Even if you are working full-time and art is a thing that you are doing in the evenings when you get home, you can still carve out time for your art by giving up small things that have been distracting you. There are so many ways to create more time for your art and most of them just require that you become aware of where you are spending your time each day.
When you can take these small bits of time and combine them, you can use those minutes and hours to create art! No matter what kinds of activities you are doing, you will need to consider their importance and if they’re taking up too much of your time. If you’re able to take some of that time back to focus on art, you’ll undoubtedly see your growth as an artist much faster than before.
Move With Haste
Another factor that can really help you to be more productive in any arena, is shifting your focus from task to task with haste. You will probably be stunned when you look at the time that you are spending shifting from one task to the next. The gaps in between activities can also be pared down and you will gain lots of time from shifting readily from one project to the next.
That doesn’t mean you should ignore your need to take breaks! In fact, taking regular breaks can actually help you become more productive as they allow you to refresh your mind and loosen those knots your muscles from hovering over your project. Instead of sitting at your desk and staring at a blank page for 20 minutes wondering what to draw or paint, try taking a 10 minute break to go outside and get some inspiration instead. These breaks can be brief, however, and you can move on to your next project or back to your art with ease if you are aware of your intentions.
If your intention is to get back to your art, make sure that this is a priority. You do not have to rush wildly from one task to the next, but you will always need to consider that any kind of lag in your activities will remove you from your artwork and cut into your creation hours for the day.
Using Your Extra Time Wisely
Being able to take back these minutes, hours, and days to focus on your art allows you to learn and grow at a much faster rate. You can take this time to take art lessons, go to art school, or to work on skills that you need to advance. As you create, you will also be learning!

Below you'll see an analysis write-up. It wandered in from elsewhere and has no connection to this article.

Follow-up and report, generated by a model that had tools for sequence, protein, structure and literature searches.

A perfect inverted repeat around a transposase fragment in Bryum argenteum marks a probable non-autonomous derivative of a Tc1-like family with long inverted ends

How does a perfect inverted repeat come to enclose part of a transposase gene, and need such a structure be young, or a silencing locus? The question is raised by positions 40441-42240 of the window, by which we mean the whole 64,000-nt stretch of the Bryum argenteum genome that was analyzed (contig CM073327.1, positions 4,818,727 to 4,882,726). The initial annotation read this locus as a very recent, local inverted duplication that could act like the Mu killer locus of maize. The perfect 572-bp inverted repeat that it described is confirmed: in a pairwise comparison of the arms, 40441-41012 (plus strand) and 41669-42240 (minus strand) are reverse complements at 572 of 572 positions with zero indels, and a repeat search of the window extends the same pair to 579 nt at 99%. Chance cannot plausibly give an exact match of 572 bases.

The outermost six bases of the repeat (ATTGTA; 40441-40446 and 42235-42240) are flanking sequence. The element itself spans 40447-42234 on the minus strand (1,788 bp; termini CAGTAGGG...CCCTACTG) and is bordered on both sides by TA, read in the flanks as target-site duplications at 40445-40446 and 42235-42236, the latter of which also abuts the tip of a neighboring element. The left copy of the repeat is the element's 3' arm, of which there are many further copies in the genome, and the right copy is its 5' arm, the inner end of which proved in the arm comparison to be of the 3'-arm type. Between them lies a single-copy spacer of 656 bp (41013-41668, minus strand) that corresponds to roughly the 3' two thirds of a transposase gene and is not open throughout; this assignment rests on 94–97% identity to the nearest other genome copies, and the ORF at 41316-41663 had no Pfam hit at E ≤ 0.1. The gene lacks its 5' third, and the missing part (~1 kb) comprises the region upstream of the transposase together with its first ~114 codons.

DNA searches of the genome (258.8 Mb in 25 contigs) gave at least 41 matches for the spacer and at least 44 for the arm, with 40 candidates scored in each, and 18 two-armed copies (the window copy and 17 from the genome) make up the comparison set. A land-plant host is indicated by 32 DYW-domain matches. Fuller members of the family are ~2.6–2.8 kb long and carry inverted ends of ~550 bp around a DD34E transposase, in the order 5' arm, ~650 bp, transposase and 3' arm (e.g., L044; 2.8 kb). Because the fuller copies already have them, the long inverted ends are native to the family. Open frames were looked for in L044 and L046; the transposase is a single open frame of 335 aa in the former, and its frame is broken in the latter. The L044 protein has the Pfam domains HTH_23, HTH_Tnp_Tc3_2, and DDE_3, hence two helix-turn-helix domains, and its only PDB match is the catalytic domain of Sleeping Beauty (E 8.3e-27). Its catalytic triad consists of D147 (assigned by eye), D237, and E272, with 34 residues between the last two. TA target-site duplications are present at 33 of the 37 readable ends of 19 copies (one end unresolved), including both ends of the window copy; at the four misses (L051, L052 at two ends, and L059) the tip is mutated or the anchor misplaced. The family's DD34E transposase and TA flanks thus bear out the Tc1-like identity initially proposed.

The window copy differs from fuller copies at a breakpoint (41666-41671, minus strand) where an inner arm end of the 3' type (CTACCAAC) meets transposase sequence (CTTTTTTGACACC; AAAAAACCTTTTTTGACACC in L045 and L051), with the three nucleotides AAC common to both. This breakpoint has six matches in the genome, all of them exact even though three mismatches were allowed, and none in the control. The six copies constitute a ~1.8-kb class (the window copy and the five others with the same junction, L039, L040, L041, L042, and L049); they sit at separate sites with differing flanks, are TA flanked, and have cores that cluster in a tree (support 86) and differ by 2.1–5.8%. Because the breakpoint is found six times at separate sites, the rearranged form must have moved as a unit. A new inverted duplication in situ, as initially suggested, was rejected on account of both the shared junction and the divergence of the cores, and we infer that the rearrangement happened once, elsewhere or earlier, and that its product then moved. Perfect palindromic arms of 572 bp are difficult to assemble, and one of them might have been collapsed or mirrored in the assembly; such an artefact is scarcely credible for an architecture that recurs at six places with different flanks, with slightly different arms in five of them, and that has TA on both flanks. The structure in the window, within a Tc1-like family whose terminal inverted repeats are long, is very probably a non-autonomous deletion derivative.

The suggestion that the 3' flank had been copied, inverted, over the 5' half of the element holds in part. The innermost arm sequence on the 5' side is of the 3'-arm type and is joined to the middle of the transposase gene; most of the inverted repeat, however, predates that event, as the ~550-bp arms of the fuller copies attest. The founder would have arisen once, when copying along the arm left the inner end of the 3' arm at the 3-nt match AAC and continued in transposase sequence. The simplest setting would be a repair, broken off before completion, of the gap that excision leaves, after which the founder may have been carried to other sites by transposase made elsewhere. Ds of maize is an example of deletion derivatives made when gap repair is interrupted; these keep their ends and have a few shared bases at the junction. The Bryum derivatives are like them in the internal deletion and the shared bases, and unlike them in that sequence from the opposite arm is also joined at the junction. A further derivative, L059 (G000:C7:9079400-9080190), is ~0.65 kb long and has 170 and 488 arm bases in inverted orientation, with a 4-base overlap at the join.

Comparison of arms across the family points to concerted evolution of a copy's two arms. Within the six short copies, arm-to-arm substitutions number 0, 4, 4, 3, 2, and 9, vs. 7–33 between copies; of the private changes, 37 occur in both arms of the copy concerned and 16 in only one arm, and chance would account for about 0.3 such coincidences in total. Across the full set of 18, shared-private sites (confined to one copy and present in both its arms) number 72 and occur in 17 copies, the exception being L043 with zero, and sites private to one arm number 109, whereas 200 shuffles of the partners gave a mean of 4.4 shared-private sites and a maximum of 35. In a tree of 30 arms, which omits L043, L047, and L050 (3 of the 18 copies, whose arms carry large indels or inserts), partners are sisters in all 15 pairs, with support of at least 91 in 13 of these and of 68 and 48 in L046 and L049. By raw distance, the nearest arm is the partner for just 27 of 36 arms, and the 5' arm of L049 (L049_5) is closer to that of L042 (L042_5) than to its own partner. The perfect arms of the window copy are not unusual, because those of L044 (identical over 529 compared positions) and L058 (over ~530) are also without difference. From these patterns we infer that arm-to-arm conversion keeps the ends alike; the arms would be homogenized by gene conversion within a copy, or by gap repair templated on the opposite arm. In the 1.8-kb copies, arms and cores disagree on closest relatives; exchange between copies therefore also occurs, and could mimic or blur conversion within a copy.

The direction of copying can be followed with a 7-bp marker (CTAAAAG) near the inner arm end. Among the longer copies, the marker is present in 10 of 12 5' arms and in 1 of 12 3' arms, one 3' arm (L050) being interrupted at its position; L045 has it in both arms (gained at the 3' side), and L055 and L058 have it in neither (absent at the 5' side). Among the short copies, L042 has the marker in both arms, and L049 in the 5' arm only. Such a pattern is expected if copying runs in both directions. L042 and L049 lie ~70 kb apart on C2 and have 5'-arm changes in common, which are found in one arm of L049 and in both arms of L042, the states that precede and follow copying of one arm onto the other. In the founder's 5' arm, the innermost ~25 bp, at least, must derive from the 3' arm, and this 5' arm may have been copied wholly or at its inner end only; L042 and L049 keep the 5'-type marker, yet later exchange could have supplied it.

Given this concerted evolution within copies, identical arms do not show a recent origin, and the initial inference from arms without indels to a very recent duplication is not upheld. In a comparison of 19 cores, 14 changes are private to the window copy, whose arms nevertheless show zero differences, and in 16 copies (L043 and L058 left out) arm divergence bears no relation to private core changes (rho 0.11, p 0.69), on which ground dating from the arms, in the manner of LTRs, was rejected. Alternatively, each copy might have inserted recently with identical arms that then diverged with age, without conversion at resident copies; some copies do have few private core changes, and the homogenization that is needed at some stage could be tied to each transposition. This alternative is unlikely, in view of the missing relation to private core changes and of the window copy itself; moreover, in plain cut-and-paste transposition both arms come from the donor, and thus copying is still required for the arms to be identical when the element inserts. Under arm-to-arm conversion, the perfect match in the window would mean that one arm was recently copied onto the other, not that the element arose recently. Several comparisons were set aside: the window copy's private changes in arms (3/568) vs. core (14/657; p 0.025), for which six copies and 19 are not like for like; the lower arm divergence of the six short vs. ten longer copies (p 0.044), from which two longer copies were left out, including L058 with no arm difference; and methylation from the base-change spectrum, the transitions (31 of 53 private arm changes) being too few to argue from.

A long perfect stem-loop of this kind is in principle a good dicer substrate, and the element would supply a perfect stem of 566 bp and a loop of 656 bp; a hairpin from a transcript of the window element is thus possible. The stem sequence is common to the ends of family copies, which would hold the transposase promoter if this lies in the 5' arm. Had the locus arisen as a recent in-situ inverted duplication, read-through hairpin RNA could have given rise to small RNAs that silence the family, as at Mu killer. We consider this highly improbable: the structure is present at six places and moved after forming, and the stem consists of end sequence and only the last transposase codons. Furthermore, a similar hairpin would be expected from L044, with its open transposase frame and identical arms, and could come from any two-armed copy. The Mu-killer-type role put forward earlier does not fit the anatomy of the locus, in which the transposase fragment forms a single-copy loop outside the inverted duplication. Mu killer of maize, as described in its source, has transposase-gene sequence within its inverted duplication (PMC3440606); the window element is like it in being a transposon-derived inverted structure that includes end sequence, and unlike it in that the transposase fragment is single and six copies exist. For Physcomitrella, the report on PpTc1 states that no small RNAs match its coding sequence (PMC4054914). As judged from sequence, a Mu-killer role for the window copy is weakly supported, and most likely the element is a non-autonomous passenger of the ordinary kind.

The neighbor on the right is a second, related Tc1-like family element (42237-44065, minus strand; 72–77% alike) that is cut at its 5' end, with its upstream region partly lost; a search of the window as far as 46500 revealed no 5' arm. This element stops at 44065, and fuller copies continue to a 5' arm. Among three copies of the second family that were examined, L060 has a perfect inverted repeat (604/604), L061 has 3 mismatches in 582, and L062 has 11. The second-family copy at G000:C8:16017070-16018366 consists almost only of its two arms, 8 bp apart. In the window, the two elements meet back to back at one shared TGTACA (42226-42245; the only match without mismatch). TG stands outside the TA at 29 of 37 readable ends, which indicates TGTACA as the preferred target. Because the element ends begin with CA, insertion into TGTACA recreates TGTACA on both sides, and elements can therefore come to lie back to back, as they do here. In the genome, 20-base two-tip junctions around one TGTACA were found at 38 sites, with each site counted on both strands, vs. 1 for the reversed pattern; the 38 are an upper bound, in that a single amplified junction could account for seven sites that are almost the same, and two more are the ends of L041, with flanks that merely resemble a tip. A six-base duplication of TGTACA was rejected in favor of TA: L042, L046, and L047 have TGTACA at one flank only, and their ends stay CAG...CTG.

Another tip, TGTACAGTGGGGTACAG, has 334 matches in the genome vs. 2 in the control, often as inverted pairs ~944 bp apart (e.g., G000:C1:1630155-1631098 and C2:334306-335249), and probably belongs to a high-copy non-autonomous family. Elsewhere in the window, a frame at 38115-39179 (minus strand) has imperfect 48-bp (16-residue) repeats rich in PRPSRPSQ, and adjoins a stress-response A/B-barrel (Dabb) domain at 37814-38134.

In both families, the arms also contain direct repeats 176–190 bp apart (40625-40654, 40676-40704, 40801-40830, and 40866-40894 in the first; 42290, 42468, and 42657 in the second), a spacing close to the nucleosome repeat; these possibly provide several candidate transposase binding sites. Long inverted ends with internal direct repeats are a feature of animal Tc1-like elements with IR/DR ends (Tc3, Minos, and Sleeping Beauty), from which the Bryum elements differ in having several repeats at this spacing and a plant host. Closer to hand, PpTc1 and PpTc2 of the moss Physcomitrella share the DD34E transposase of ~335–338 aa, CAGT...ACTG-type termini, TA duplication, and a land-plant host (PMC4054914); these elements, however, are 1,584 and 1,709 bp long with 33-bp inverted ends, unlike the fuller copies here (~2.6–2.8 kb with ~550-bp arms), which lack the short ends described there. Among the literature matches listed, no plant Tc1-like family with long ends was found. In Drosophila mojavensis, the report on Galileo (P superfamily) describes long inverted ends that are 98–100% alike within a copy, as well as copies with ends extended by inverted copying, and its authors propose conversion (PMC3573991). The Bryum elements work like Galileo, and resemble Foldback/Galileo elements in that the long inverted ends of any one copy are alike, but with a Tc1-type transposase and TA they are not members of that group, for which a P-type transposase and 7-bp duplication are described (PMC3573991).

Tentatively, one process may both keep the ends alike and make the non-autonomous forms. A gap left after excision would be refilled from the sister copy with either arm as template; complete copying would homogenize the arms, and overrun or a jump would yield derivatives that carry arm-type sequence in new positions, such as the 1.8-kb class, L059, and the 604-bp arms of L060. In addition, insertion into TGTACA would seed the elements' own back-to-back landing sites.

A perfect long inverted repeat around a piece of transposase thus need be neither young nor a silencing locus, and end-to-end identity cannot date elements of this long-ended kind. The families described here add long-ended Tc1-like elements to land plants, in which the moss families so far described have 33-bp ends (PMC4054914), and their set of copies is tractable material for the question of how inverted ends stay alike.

Art students live and breathe art. You might not be able to do this because you have a job or kids to take care of or other responsibilities, but taking back some minutes here and there every day will add up to the opportunity to grow as an artist.
Some skills are simple to learn and others take more time. No matter what else you want to work on within your artistic skills, you must be able to devote the time to the skills that you need to work on or you will not improve. You might not be able to work on these skills with the intensity of an art student, but you can give yourself the chance to make these skills a priority by making time for your art.
Art Opportunities Come Through Managing Your Priorities
For many people, the ability to do art for a living is the result of making careful choices that allow you to meet this goal. Art might not be something that you do for a living, but almost all artists want to have more time to create and produce art. Being able to create opportunities by reviewing your priorities is an essential part of the process of growing as an artist.
If you are able to find five minutes here, fifteen minutes there, and so forth, these can add up to many more hours in a week to create art. Art is a craft and without devoting time to this craft, you will be unlikely to find the success and fulfillment that you want to experience through your art. Art might not seem like it’s essential to your daily life, but making your art a priority can open doors to you that would otherwise be closed.